ARTS / Have I got a newcomer for you: Show People: 47. Angus Deayton

Click to follow
The Independent Culture
WHAT CAN have been going through Angus Deayton's mind when he stood up to accept the Best Newcomer prize at last year's British Comedy Awards? Wasn't this the man who sold his first sketch (to Dick Emery) in 1978? And hadn't he been hanging around the fringes of celebrity - as a member of pop parody act the Heebeegeebees, as Rowan Atkinson's straight man, as writer-presenter of a slew of radio shows including the long- running Radio Active, as a player of bit parts in TV series like One Foot in the Grave, Mr Bean and Alexei Sayle's Stuff, and not least as the man in the life of singer Stephanie de Sykes - ever since?

'I did feel a bit of a fraud,' he admits, 'though I suppose they weren't to know I'd been muddling around for donkey's years.' In fact, the award was prophetic. In March, Have I Got News for You, which he chairs and co-writes, scooped the Bafta for Best Light Entertainment Programme. In May, the satellite-TV spoof KYTV, which he stars in and co- writes, won the Silver Rose, Europe's top comedy award, at Montreux. He may have been around for years, but it's also true that, at 36, he has arrived.

Have I Got News for You returns for a fourth series this week. Thinly disguised as a topical quiz, it is widely felt to be the funniest thing on television. Deayton is the immaculate host, trading quips with team captains Ian Hislop and Paul Merton (on the discovery of prostitutes at Euro-Disney: 'it's pounds 50 for Goofy-style, pounds 100 for a straight Donald Duck', etc), supplying Pythonish links ('let's press on, as Claire Rayner would say') and injecting venom with just enough restraint to stay out of the courts (action has been threatened only twice, by Jeffrey Archer and Peter Stringfellow).

Deayton describes his style as 'half- way between being a presenter and being a parody of a presenter,' which is apt for a show which is itself half-way between a quiz and a parody of a quiz. 'The theory was that Ian, because he works for Private Eye, would bring knowledge of the news and Paul would make the funny remarks. Of course, it turns out that Paul wins virtually every show and Ian makes a lot of the funny remarks.' Whatever the theory, it works. By the end of the last series, Have I Got News for You was BBC 2's top-rated show, with 5 million viewers.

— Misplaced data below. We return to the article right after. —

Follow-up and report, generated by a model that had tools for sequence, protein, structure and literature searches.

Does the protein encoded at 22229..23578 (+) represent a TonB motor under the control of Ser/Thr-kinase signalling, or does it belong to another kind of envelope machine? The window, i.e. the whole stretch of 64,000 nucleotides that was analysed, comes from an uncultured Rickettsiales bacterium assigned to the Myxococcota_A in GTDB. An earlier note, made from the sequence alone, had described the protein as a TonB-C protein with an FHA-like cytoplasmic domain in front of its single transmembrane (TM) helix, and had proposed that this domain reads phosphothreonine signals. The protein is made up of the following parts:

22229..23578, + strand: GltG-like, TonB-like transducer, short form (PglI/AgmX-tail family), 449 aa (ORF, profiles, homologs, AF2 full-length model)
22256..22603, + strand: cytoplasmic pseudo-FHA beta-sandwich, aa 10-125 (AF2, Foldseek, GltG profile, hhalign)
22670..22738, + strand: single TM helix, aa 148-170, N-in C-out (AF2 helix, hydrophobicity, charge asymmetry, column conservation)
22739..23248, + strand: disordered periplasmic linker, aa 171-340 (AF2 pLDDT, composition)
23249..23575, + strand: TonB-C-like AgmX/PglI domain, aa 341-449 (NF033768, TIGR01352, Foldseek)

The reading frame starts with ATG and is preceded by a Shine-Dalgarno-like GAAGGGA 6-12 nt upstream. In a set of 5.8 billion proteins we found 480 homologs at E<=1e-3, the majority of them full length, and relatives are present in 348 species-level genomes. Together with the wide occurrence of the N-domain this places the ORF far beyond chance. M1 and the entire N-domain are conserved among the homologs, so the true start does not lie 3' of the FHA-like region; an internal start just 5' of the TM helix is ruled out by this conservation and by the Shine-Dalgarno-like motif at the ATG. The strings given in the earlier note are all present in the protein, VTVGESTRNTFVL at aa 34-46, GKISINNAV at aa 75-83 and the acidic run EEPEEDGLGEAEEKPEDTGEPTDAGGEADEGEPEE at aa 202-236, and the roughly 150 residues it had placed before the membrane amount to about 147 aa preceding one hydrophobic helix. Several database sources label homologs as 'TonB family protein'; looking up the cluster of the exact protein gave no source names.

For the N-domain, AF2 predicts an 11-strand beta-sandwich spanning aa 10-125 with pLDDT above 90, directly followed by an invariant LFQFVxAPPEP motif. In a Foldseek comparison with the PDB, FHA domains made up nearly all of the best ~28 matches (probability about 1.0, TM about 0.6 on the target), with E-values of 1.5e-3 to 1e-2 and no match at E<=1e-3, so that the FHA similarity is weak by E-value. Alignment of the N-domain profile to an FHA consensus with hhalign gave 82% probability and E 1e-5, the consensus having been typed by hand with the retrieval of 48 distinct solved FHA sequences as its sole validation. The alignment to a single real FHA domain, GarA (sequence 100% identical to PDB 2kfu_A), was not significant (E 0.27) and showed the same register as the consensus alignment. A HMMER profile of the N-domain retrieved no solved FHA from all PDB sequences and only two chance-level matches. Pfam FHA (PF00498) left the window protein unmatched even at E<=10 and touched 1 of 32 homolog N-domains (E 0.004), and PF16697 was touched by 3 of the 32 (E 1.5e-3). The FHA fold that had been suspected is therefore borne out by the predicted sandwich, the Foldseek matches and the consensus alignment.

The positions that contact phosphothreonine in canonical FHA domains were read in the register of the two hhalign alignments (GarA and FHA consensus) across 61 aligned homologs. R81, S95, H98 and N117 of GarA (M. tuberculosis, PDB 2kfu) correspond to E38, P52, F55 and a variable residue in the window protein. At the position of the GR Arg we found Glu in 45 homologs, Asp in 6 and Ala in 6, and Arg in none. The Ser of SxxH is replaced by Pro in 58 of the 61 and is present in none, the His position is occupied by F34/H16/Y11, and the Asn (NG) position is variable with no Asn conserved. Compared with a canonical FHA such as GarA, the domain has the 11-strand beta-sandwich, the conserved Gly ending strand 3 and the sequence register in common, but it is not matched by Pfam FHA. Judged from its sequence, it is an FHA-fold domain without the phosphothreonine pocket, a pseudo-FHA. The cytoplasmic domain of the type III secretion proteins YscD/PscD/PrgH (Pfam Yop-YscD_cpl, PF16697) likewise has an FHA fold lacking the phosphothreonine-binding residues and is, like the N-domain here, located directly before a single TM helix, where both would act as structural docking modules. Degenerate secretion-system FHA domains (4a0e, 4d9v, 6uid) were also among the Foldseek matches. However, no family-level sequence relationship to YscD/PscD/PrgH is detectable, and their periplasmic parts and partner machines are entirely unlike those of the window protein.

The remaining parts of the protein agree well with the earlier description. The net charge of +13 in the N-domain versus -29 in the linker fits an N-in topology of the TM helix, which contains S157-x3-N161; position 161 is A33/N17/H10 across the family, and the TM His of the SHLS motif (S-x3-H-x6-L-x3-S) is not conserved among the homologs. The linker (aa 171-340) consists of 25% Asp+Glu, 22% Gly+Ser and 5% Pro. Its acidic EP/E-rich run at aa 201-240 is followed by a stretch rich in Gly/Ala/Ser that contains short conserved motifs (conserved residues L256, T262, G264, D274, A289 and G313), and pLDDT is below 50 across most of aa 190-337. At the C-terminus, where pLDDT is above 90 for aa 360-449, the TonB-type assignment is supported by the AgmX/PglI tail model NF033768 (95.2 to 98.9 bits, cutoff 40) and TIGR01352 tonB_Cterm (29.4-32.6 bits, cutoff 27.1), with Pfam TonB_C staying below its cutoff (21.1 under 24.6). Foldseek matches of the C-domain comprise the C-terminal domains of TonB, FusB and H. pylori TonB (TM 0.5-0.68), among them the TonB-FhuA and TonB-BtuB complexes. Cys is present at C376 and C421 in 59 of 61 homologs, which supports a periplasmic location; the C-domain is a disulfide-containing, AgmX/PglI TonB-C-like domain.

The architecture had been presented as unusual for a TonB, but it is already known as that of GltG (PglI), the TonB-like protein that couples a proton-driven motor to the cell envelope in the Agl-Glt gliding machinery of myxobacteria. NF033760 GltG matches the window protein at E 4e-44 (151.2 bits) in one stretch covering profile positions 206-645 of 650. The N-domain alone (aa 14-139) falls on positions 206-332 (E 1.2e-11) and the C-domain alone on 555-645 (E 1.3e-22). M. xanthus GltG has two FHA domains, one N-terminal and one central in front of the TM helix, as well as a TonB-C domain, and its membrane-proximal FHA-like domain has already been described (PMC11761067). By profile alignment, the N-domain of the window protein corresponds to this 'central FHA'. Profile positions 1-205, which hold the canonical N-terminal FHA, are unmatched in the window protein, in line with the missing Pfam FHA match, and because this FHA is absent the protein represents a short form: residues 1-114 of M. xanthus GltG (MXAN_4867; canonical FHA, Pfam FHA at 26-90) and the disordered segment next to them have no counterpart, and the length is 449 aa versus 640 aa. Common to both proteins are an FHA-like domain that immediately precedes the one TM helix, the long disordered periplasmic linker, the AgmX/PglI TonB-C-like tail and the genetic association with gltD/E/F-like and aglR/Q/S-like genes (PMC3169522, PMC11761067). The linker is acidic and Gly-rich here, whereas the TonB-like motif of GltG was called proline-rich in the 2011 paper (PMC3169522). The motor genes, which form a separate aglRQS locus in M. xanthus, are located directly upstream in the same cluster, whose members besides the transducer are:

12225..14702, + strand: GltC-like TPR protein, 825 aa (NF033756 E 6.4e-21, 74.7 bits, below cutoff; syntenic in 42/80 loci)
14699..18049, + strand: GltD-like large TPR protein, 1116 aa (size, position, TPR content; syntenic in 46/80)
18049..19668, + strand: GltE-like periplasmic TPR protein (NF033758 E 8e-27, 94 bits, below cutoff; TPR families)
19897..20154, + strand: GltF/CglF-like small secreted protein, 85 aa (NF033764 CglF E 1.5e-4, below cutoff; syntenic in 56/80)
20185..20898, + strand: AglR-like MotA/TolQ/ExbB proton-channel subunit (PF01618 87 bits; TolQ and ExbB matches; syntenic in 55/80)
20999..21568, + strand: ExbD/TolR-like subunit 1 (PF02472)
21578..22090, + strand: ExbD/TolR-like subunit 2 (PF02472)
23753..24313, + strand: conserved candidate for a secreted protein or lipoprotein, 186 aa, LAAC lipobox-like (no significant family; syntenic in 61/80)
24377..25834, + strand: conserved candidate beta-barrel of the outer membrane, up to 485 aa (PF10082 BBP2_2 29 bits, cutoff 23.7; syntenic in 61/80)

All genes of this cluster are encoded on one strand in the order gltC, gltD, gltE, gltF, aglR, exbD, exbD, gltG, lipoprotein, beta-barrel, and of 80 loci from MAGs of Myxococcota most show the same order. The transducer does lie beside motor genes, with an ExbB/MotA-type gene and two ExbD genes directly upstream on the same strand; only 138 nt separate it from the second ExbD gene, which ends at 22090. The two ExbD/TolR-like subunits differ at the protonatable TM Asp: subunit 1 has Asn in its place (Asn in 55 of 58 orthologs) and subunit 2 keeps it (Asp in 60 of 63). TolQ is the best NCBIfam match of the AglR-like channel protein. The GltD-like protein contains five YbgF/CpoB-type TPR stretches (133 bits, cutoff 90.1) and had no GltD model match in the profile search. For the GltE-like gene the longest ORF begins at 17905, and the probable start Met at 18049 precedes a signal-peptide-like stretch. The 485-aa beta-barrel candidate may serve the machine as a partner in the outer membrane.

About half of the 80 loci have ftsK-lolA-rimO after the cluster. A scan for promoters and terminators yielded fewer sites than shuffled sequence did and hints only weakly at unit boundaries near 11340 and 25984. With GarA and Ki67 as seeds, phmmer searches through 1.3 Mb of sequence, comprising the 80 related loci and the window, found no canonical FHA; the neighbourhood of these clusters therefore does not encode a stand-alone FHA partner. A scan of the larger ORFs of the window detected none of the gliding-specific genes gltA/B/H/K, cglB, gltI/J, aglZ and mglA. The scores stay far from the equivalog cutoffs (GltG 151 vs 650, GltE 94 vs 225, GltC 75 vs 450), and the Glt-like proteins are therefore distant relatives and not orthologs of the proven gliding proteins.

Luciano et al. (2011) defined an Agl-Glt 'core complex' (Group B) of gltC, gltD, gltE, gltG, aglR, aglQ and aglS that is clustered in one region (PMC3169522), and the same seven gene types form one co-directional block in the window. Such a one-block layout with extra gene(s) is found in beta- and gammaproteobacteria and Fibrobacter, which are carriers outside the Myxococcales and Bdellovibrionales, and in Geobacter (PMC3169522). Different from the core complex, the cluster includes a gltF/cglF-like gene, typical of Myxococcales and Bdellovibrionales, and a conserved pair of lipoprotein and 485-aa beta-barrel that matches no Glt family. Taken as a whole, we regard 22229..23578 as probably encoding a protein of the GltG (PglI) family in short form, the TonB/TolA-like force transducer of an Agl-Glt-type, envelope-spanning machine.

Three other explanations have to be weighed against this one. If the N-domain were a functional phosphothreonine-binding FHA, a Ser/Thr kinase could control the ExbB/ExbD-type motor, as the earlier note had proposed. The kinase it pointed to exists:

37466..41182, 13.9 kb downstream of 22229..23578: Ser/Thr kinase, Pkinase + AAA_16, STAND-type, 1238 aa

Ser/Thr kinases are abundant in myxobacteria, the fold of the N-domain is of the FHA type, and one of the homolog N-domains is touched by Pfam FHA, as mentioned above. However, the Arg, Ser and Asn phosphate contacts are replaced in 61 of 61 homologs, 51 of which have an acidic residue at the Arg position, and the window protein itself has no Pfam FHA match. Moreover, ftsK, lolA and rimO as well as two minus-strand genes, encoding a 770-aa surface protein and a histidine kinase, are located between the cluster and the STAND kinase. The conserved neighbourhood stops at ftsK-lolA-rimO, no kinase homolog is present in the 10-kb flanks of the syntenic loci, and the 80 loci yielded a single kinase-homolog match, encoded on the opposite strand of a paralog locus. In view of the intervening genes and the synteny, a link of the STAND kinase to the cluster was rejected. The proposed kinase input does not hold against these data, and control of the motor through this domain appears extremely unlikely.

'I didn't anticipate it taking off in such a big way,' Deayton says. The cool superiority of his quiz-mastery is not apparent off screen. And despite the purple silk shirt, there's little evidence of the 'TV's Mr Sex' label pinned on him by Time Out. Mind you, it is 10am. Friendly, blokeish even, he describes himself as 'probably not hugely different' from the unflappable type he plays in KYTV, Mike Channel. In fact, Have I nearly took off without him: he was only recruited at three weeks' notice, when the original presenter, John Lloyd, dropped out.

It wasn't the first time he'd been brought on as a sub. Showbusiness entered his life by chance at Oxford, where he read French and German, when he was invited by Richard Curtis (of Blackadder fame) to join the Oxford Revue: 'Two people had to drop out, and just on the strength of having met me, Richard asked if I wanted to be in it.' It was 'virtually the first time I'd set foot on stage'.

He'd grown up in Surrey, the son of a cookery teacher and a Man from the Pru: 'a normal, very middle-class, South-east England upbringing'. Showbiz was not in the blood. Instead, 'football loomed fairly centrally'. He had trials for Crystal Palace, but the call never came.

After Deayton appeared in the 1978 Oxford Revue, Curtis asked him to produce the following year's Edinburgh show. One of the acts they took there - a spoof pop band called the Heebeegeebees - brought an early taste of fame. Their parodies of Status Quo and the Bee Gees made little impression on the British charts, peaking at No 79 ('in with a parachute'), but Down Under they were huge. Their first single, 'Meaningless Songs in Very High Voices', reached No 2. There were radio interviews, chat- shows: 'In Australia, you're on the news just for turning up.' Inevitably, the bubble burst. The follow-up failed to excite even Australian pop pickers: 'The first one went gold, the second went rust.'

Now Deayton is a celebrated newcomer again. Did it seem a long time coming? 'To be honest, yes. You can work in radio for years and no one knows who the hell you are. In a way I was quite happy and resigned to that - it never occurred to me that there was this high-exposure career waiting.' He's making the most of it: no ad-break these days is complete without a laid-back recommendeayton for some car or insurance policy.

As well as Have I Got News for You, he is filming a new run of One Foot in the Grave, and having talks about a new series of KYTV and a new 'presenter- based' show for LWT 'which I'm not allowed to talk about'. All that remains is for Crystal Palace to get back to him.

Comments